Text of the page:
Launching a surgical comanagement project

Improving quality, patient satisfaction


When hospital medicine and surgical departments (usually orthopedics or neurosurgery) have joined in comanagement programs, improvements in quality metrics and patient satisfaction have often resulted.

At the Level 1 regional trauma center in which he works, Charles L. Kast, MD, and his colleagues wanted to try a comanagement agreement between hospital medicine and trauma surgery.

“The surgical team identified a need within their own department, which was to improve patient mortality and satisfaction in the inpatient setting,” said Dr. Kast, who is based at North Shore University Hospital, Manhasset, N.Y. “Their leadership sought out our hospital medicine leadership team, who then worked together to synthesize their metrics. We were able to identify other quality indicators, such as readmission rates and hospital-acquired conditions, which we felt could also benefit from our services in order to help them improve.”

Five hospitalists became members of the comanagement team. A single hospitalist rotated for 2 weeks at a time, during which they were relieved of routine hospital medicine rounding responsibilities. The hospitalist attended daily interdisciplinary rounds with the trauma surgery team, during which he/she identified patients that could benefit from hospital medicine comanagement: Patients who were over age 65 years, had multiple chronic medical conditions, or were on high-risk medications were preferentially selected. Approximately 10 patients were seen daily.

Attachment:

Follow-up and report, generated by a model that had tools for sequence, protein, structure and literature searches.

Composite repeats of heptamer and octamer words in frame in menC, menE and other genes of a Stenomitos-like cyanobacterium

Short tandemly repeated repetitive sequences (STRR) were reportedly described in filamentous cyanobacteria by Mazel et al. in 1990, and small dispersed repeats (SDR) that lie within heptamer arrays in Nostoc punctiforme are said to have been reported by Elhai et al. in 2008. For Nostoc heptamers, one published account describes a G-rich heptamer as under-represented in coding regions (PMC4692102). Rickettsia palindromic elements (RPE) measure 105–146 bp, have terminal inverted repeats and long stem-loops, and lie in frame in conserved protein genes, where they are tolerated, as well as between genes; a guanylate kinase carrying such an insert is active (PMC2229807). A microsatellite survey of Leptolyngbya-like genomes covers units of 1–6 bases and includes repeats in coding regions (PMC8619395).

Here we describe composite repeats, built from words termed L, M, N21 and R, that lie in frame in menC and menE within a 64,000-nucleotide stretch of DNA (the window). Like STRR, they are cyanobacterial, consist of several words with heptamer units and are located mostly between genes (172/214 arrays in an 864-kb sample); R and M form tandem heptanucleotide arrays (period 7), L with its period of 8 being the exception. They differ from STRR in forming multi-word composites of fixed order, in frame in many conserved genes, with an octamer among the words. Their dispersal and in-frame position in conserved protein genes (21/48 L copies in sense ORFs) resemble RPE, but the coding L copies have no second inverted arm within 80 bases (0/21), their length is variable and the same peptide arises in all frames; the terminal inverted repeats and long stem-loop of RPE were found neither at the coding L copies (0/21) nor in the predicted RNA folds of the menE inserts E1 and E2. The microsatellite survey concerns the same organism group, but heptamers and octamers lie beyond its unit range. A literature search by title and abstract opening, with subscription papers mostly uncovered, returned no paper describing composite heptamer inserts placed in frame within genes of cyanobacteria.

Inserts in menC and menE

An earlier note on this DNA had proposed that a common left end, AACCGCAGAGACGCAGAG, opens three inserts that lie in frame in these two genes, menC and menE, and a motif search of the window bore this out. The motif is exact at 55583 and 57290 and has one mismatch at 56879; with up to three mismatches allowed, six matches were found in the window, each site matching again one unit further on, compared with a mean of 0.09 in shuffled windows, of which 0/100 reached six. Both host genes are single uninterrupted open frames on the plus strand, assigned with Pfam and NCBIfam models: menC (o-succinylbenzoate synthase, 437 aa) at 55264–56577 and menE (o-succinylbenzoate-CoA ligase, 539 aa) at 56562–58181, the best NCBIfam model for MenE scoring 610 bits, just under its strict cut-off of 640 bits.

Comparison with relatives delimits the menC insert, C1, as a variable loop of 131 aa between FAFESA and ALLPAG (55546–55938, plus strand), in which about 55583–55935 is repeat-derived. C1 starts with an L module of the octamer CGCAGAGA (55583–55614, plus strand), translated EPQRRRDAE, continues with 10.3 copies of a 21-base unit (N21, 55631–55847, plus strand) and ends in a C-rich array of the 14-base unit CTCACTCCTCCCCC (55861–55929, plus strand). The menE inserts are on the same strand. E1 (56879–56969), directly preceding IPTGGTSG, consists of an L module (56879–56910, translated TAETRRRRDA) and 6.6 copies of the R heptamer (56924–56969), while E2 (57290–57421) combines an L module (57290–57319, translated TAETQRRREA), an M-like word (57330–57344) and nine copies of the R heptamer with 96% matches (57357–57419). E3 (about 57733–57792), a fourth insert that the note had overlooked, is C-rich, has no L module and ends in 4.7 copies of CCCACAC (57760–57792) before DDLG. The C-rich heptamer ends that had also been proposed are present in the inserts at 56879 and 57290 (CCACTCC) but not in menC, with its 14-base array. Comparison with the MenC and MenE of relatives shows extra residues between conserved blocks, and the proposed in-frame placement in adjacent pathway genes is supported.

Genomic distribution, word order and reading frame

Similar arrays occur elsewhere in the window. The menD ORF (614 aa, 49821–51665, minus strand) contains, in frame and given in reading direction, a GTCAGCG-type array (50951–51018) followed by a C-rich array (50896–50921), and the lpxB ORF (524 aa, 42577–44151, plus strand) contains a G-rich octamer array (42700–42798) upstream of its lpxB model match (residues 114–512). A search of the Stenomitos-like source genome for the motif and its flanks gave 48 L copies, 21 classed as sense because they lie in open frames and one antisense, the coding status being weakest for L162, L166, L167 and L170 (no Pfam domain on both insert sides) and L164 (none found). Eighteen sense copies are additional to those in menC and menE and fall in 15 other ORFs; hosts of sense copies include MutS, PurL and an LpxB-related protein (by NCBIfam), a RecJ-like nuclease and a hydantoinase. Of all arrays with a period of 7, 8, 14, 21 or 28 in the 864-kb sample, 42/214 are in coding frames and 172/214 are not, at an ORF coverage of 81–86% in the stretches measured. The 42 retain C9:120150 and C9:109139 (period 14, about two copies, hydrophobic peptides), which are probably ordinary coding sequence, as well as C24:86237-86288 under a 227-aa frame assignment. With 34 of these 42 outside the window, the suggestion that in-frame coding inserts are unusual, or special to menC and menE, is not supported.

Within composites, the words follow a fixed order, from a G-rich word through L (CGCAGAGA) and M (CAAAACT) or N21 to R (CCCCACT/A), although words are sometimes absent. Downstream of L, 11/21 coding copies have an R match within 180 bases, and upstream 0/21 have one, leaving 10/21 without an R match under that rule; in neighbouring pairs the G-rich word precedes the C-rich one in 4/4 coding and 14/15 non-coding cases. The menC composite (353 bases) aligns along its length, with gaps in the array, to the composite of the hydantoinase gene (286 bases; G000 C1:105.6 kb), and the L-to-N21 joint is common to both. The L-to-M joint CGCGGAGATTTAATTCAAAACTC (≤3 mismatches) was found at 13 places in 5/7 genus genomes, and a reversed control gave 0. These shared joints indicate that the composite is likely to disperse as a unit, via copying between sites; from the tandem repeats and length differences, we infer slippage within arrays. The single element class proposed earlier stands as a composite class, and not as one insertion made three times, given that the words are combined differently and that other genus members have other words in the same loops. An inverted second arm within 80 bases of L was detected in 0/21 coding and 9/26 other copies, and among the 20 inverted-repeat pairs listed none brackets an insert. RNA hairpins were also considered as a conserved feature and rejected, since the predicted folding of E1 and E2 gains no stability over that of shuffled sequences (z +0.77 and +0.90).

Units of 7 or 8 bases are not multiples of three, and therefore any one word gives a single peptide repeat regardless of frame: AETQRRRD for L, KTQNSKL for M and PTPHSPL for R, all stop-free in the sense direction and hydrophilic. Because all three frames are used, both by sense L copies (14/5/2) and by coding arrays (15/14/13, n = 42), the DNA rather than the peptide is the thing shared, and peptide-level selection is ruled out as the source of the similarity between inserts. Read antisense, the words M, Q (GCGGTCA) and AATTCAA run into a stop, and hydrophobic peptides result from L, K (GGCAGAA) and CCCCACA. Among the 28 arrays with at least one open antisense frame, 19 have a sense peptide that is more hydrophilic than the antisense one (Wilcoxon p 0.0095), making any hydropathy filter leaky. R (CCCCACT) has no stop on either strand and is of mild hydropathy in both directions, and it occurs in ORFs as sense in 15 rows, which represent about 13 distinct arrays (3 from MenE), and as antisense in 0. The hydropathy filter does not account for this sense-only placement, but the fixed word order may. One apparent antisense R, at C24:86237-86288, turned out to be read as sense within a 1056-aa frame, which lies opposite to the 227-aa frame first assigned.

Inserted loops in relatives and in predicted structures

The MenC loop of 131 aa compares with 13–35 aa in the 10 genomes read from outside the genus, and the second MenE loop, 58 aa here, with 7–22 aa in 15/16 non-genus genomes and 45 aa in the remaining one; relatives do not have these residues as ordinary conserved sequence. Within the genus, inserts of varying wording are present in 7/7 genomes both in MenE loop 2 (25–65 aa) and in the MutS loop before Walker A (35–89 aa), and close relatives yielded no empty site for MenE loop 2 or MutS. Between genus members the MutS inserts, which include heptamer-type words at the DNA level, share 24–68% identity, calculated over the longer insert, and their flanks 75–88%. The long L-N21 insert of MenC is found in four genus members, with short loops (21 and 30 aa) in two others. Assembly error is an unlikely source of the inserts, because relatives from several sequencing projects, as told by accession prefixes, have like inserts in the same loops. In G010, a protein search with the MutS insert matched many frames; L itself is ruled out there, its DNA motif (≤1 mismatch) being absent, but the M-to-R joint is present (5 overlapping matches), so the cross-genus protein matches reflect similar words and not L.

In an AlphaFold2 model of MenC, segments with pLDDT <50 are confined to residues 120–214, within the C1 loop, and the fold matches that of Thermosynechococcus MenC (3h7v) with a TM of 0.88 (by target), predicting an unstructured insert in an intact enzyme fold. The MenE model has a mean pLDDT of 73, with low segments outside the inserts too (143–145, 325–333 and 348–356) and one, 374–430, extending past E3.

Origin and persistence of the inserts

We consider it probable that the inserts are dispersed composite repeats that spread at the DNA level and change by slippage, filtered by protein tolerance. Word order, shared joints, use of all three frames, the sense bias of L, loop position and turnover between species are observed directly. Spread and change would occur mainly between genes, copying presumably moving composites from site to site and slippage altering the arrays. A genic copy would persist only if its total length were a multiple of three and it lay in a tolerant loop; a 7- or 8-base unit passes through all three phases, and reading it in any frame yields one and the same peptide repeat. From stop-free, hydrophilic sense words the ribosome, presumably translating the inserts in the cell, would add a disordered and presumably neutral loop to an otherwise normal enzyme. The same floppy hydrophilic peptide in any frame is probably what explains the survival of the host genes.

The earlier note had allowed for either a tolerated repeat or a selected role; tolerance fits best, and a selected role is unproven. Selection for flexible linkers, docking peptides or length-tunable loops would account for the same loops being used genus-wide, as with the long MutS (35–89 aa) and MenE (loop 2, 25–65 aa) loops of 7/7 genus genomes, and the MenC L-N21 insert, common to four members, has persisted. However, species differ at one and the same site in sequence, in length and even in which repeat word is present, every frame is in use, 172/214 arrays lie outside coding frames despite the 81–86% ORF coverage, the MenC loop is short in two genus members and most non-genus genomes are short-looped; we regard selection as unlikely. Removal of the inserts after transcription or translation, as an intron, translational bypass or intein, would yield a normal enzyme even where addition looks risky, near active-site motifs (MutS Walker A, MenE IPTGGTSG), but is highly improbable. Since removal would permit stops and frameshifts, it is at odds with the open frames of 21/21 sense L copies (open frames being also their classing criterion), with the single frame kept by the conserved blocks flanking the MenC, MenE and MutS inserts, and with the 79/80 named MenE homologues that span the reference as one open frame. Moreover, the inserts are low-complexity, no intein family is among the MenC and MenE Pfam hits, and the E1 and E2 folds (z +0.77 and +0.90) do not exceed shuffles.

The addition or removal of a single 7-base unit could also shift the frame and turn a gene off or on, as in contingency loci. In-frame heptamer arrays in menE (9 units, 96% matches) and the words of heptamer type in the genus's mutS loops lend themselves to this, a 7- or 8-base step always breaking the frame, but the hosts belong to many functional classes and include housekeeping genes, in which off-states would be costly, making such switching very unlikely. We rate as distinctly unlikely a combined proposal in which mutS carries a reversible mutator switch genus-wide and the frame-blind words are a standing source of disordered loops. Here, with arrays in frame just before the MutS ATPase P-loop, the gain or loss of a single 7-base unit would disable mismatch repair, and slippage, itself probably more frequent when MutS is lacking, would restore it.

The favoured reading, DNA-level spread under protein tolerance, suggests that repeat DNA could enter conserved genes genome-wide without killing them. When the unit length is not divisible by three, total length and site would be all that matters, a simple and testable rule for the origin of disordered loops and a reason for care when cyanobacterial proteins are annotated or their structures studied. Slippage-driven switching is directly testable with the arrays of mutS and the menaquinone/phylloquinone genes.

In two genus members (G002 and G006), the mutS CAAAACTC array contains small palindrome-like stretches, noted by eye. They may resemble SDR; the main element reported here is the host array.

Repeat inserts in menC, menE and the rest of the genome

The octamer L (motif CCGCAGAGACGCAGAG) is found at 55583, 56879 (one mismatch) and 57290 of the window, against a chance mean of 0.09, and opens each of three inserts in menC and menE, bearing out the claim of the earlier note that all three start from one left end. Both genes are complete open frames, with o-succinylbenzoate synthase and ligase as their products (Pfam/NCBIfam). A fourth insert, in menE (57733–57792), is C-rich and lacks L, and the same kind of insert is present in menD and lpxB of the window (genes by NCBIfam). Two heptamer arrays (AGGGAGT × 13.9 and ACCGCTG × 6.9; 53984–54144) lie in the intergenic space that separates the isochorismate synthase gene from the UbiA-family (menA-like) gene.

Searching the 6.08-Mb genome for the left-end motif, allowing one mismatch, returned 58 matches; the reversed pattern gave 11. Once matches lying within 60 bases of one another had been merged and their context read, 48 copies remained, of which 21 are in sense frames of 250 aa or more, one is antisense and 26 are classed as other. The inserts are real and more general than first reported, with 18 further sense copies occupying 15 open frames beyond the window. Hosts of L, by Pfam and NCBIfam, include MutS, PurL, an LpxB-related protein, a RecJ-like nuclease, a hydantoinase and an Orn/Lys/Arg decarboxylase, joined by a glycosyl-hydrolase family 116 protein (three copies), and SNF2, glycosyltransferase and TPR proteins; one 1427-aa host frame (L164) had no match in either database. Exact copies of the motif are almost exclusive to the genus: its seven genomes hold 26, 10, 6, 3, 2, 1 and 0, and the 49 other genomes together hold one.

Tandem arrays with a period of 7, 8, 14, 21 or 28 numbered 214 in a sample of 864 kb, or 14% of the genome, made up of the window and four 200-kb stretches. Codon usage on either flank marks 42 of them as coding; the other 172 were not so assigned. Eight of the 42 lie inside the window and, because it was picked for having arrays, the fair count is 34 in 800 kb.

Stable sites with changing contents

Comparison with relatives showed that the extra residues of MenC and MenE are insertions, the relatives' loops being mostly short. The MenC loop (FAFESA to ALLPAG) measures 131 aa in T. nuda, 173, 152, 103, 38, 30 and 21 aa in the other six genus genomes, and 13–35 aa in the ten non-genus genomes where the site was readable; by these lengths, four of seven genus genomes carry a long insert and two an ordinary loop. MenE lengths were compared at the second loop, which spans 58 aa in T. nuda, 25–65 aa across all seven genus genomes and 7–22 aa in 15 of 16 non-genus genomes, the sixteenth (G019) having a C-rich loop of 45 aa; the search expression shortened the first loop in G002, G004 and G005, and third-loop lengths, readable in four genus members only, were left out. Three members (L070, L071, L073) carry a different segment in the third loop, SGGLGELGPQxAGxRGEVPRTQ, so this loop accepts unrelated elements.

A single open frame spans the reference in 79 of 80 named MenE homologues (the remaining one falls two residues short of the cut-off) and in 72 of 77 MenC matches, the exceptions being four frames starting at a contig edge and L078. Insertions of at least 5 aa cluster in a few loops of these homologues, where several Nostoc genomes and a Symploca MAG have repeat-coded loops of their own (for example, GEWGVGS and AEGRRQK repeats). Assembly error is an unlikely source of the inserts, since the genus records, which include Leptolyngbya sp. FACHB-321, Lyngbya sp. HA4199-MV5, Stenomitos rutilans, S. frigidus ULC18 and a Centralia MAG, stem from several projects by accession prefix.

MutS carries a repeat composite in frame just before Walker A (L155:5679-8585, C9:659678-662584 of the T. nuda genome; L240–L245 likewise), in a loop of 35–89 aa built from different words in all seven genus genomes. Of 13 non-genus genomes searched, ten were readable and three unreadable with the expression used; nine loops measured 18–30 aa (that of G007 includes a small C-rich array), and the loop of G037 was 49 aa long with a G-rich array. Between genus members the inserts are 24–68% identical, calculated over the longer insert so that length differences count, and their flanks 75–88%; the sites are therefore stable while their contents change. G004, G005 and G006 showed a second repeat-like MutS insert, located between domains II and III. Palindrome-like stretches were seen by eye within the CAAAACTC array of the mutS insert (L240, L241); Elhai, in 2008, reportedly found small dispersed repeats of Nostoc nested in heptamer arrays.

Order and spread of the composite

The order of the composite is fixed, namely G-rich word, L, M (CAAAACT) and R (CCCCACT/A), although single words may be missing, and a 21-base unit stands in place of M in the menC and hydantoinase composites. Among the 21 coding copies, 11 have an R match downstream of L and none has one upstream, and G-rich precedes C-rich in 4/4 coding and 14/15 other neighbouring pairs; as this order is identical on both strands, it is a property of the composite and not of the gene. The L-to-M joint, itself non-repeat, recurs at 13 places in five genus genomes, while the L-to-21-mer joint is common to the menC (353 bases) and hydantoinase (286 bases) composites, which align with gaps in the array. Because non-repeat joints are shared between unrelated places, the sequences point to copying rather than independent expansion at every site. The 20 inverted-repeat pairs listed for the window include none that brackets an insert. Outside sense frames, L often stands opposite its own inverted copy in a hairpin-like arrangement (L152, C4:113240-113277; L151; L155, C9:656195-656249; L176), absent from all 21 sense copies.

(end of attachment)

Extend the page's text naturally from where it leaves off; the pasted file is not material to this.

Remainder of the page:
The comanagement program was well received by trauma surgeons, who talked about improved patient communication and a fostered sense of collegiality. Preliminary quality and patient satisfaction metrics were also positive.

A top takeaway is that the benefits of surgical comanagement can be demonstrated in “atypical” collaborations, depending on the needs of the department and the hospital’s vision.

“The gains in improved patient quality metrics are only half of the story,” Dr. Kast said. “Collaborating in surgical comanagement improves the satisfaction of the hospitalists and surgeons involved and can lead to future quality improvement projects or original research, both of which we are currently pursuing.”


Kast C et al. The successful development of a hospital medicine-trauma surgery co-management program [abstract]. J Hosp Med. 2017;12(suppl 2). Accessed Feb. 2, 2018.

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